(b) Rifle ballistics causes the strike of the bullet to impact low in the direction of the cant (when a cant is used) at longer ranges. Due to this shift in bullet strike and the many individual differences in sight alignment when wearing a protective mask, it is important to conduct downrange feedback training at ranges beyond 75 meters on known-distance ranges. This allows soldiers to determine what aiming adjustments are needed to achieve center target hits. Figure 7-19, page 7-21, shows what might be expected for a right-handed firer engaging a target at 175 meters with no cant and a certain amount of cant, and the adjustment in point of aim needed to move the bullet strike to the center of the target. Figure 7-20, shows what might be expected for a right-handed firer engaging a 300-meter target.

The adjustments in point of aim for left-handed firers are the opposite of those shown in Figures 7-19 and 7-20.

(c) Although bullet strike is displaced when using a cant, individual differences are such that center-of-mass aiming should be used until the individual knows what aiming adjustment is needed. When distant targets are missed, a right-handed firer should usually adjust his point of aim to the right and high; a left-handed firer should adjust to the left and high. Then, the aiming rules are clear.

(d) All targets should initially be engaged by aiming center mass, regardless of cant. When targets are missed while using a cant, firers should adjust the point of aim higher and opposite the direction of the cant. Actual displacement of the aiming point must be determined by using downrange feedback targets at ranges beyond 75 meters.

(3) Breath Control. Breathing is restricted and more difficult while wearing the protective mask. Physical exertion can produce labored breathing and make settling down into a normal breathing rhythm much more difficult. More physical effort is needed to move around when encumbered by MOPP equipment, which can increase the breath rate. All these factors make holding and controlling the breath to produce a well-aimed shot more energy and time consuming. Emphasis must be placed on rapid target engagement during the limited amount of time a firer can control his breath.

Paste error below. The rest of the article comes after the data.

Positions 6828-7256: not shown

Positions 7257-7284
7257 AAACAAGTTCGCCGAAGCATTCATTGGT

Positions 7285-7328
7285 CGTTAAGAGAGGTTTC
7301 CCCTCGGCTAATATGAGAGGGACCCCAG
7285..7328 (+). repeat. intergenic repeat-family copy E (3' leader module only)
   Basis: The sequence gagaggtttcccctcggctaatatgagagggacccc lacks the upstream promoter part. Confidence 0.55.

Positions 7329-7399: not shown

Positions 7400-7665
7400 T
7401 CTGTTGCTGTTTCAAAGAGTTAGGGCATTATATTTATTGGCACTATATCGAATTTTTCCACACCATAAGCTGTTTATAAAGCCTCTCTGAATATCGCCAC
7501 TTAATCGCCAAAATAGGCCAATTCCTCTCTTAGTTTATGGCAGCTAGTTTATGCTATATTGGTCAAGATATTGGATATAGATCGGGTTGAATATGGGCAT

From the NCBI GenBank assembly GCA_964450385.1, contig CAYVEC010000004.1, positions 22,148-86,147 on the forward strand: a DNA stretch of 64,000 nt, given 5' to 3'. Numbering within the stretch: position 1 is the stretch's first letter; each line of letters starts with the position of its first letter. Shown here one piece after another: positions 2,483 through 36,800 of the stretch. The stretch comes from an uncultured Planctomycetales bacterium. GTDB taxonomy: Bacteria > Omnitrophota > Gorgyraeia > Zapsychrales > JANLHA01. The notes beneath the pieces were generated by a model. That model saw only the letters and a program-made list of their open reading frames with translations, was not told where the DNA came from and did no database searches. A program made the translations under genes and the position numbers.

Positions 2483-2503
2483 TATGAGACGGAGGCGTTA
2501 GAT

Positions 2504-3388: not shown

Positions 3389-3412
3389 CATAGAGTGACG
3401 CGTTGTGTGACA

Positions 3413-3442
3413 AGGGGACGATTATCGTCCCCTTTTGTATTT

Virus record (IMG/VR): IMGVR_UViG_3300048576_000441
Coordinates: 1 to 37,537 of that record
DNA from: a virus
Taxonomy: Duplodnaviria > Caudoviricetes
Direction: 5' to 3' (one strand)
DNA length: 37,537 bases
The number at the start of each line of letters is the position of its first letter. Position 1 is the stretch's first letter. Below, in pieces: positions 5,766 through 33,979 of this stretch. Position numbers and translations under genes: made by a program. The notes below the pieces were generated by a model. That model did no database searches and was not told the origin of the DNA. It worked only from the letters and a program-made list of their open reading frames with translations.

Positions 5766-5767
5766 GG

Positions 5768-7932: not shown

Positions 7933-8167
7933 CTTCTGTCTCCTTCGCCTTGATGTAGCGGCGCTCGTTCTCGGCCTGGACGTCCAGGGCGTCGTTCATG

(4) Trigger Squeeze. Grasping the pistol grip and squeezing the trigger with the index finger is altered when the firer is wearing MOPP gloves. The action of the trigger finger is restricted, and the fit of the glove may require the release of the swing-down trigger guard. Because the trigger feels different, control differs from that used in barehanded firing. This difference cannot be accurately predicted. Dry-fire training using dime-washer exercises is necessary to ensure the firer knows the changes he will encounter during live fire.

2. Initial sight picture lor right-handed firers wealing protective mask,

2. Initial sight picture lor right-handed firers wealing protective mask,

M16a1 Rifle Characteristics
Figure 7-18. Sight picture when canting the rifle while wearing a protective mask (75-meter target).
Carbine Operator Breakdown
Figure 7-19. Engagement of 175-meter target.
M16a1 Assmbly
Figure 7-20. Engagement of 300-meter target.
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  • leila
    How to fire an M16A1 rifle with a protective mask?
    5 years ago